Kleinpell, R. M. (2009). Analyzing economic outcomes in advanced practice learning. In Outcome assessment in advanced practice nursing (2nd ed.). New York, NY: Springer Publishing Company.
This chapter outlines five different types of economic outcomes that can be used by advanced practice nurses for assessing costs and determining performance benefits within a health care organization.
Serb, C. (2011). Effective dashboards: What to measure and how to show it. Hospitals & Health Networks, 85(6), 40.
In this article, the authors discuss automated systems known as executive dashboards, which are designed to highlight key data. Additionally, the article describes the components most experts agree should be included on an executive dashboard.
Nash, M., Pestrue, J., Geier, P., Sharp, K., Helder, A., & McAlearney, A. (2010). Leveraging information technology to drive improvement in patient satisfaction. Journal for Healthcare Quality: Promoting Excellence in Health care, 32(5), 30–40.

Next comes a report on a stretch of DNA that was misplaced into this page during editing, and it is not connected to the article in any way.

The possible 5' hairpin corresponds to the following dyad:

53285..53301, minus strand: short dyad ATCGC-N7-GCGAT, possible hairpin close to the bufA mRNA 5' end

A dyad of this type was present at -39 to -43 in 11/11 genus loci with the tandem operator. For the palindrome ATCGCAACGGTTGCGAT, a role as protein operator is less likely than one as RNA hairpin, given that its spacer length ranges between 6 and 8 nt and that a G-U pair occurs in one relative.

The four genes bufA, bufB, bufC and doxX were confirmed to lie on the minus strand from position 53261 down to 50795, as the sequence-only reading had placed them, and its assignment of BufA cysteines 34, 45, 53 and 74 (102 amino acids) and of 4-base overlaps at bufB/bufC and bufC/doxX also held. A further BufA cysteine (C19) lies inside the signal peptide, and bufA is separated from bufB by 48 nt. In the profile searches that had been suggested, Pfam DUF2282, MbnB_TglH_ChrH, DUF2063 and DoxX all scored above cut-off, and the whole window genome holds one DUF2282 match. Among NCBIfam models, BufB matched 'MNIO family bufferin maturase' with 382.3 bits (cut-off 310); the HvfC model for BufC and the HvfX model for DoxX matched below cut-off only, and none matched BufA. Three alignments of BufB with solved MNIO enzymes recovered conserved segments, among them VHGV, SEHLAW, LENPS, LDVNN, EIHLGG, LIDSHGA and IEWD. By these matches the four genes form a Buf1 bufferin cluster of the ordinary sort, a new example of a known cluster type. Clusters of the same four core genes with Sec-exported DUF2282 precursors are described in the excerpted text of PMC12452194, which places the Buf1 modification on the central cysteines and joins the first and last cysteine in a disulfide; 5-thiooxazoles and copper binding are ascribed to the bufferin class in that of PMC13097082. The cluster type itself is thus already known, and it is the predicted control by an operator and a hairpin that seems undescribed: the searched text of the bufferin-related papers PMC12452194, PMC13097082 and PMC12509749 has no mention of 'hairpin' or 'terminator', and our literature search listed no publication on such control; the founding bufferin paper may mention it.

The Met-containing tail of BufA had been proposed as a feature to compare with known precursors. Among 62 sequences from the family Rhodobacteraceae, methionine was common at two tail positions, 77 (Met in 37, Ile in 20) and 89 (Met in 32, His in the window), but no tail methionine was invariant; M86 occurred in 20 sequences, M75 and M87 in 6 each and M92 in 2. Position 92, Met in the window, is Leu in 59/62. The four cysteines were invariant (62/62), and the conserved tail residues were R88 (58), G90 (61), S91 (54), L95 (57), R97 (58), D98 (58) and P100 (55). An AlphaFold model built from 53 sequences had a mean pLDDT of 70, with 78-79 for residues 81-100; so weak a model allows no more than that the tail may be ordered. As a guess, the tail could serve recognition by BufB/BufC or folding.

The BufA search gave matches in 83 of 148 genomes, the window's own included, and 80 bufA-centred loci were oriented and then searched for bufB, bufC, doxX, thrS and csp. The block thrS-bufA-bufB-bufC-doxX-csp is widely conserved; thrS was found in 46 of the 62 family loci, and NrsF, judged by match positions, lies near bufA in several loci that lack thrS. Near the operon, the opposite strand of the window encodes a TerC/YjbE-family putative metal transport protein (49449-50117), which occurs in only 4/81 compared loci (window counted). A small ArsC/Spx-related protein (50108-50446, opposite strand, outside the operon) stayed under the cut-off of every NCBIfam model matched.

This article explores how senior leaders can facilitate improvement in patient experience and satisfaction by strategic improvement and setting goals. This article presents a case detailing how the Ohio State University Medical Center (OSUMC) used information technology to formulate a strategy to improve patient experience.
Barta, A. (2010). Dashboards: A required business management tool. Biomedical Instrumentation & Technology, 44(3), 228–30.
This article describes how dashboards became an integral financial and management tool for Trinity Health Clinical Engineering when it centralized the clinical engineering functions of five hospitals.